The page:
About one-in-ten Americans (9%) did not learn about this year’s presidential election in a given week from any of 11 types of sources asked about in a January Pew Research Center survey. One striking trait of this group is their lack of faith in the impact of voting.
Half of this group thinks that their vote doesn’t really affect how the government runs things, notably higher than the 36% of those who learned about the election from at least one type of source.
This group shows other signs of being less engaged in government affairs: Only 37% of them follow government and public affairs at least some of the time, compared with 82% of Americans who got news and information about the election.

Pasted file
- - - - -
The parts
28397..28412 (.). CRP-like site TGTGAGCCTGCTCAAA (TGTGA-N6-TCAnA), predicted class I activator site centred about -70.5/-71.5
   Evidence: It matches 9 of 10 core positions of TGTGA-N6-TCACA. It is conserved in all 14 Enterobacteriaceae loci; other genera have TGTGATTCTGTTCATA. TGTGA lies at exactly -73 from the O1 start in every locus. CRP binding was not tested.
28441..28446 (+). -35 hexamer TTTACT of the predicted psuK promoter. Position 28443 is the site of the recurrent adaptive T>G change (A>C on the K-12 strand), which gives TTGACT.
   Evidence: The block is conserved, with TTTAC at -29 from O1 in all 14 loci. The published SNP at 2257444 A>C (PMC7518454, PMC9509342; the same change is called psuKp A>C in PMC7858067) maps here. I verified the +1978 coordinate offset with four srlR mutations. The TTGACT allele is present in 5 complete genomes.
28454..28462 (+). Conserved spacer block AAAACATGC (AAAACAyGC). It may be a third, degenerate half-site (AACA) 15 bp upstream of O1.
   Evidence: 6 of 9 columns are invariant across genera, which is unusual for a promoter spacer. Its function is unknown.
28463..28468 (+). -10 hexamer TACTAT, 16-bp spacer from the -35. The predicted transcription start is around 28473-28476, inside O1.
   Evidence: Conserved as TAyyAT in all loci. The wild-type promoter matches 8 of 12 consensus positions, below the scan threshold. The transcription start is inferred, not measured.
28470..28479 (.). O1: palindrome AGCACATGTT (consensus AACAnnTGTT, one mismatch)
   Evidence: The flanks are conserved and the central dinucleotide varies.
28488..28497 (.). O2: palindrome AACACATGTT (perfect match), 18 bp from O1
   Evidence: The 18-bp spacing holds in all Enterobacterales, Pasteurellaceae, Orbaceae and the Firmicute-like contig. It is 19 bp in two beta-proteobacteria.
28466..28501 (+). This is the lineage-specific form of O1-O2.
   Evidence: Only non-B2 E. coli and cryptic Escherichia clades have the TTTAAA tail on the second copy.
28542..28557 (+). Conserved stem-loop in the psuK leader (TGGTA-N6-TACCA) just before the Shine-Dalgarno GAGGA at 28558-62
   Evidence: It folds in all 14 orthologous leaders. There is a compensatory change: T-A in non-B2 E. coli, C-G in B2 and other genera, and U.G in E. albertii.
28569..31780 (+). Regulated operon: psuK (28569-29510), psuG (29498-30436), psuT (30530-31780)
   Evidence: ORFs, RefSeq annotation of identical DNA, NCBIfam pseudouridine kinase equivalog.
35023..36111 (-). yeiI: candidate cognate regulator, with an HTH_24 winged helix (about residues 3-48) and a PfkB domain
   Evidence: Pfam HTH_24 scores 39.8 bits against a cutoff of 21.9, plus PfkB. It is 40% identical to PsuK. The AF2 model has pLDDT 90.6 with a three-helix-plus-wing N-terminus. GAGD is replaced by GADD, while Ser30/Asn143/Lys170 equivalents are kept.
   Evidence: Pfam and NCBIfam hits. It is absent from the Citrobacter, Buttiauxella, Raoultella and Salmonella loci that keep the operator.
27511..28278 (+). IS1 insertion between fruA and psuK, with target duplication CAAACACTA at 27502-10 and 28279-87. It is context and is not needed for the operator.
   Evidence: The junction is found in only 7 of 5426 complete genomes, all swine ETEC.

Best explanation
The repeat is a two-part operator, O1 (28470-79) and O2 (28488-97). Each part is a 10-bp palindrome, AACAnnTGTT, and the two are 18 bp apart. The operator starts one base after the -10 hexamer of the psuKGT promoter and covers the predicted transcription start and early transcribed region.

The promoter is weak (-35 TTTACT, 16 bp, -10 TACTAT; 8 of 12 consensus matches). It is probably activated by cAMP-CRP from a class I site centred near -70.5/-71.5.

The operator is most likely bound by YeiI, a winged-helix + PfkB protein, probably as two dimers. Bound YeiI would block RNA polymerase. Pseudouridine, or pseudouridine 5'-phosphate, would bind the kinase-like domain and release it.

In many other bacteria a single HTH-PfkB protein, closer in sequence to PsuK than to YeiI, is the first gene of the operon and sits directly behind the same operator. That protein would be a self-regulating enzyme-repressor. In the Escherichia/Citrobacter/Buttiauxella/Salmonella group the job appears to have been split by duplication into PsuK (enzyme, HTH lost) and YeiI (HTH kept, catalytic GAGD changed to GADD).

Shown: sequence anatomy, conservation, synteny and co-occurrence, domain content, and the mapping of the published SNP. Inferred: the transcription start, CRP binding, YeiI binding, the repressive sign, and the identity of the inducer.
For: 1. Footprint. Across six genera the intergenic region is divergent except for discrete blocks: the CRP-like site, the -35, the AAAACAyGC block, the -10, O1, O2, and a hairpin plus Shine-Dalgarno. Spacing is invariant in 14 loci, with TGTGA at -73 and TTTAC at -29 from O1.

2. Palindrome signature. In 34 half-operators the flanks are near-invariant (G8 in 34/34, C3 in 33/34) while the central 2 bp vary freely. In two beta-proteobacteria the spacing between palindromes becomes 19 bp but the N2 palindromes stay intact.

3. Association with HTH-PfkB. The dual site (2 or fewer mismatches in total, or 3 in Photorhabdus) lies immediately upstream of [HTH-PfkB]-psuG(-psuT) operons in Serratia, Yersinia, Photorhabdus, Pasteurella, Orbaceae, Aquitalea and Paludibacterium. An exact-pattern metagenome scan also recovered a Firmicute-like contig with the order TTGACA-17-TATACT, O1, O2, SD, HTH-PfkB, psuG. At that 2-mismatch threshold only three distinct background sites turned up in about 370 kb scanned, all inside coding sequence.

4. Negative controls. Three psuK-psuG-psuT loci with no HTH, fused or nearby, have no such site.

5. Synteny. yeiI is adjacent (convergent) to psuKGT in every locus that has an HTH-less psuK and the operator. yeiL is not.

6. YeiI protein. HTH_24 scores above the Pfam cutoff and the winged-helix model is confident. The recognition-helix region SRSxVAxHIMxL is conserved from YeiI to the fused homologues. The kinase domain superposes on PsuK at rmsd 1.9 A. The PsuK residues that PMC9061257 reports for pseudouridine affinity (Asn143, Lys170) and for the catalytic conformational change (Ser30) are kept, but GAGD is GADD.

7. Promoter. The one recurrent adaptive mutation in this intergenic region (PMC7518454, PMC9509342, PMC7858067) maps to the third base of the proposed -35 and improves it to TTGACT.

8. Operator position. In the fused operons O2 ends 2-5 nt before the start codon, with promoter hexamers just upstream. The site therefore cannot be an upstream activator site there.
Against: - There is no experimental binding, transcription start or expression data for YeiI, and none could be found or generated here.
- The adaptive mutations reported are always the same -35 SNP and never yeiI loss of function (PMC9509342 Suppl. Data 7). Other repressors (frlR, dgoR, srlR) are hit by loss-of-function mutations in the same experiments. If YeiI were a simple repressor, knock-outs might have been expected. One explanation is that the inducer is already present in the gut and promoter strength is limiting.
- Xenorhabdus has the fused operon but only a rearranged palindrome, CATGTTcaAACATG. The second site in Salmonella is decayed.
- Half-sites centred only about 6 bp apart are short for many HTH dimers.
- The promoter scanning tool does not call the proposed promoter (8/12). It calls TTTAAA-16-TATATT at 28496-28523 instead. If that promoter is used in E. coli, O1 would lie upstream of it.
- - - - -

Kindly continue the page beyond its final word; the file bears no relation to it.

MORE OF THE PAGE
And, while 87% of those who learned about the election follow news in general at least sometimes, this is true of only 55% who did not learn about the election. Additionally, about half (54%) of those who did not learn about the election say that all news media are pretty much the same, compared with a quarter of those who learned about the election.
American adults ages 18 to 29 are more likely than any other age group to have not learned about the election. In total, 17% of them did not learn from any type of source, nearly double that of the next highest age group (though the vast majority of younger adults – 83% – did learn about the election). This corresponds to earlier research showing that younger adults tend to be more politically unengaged.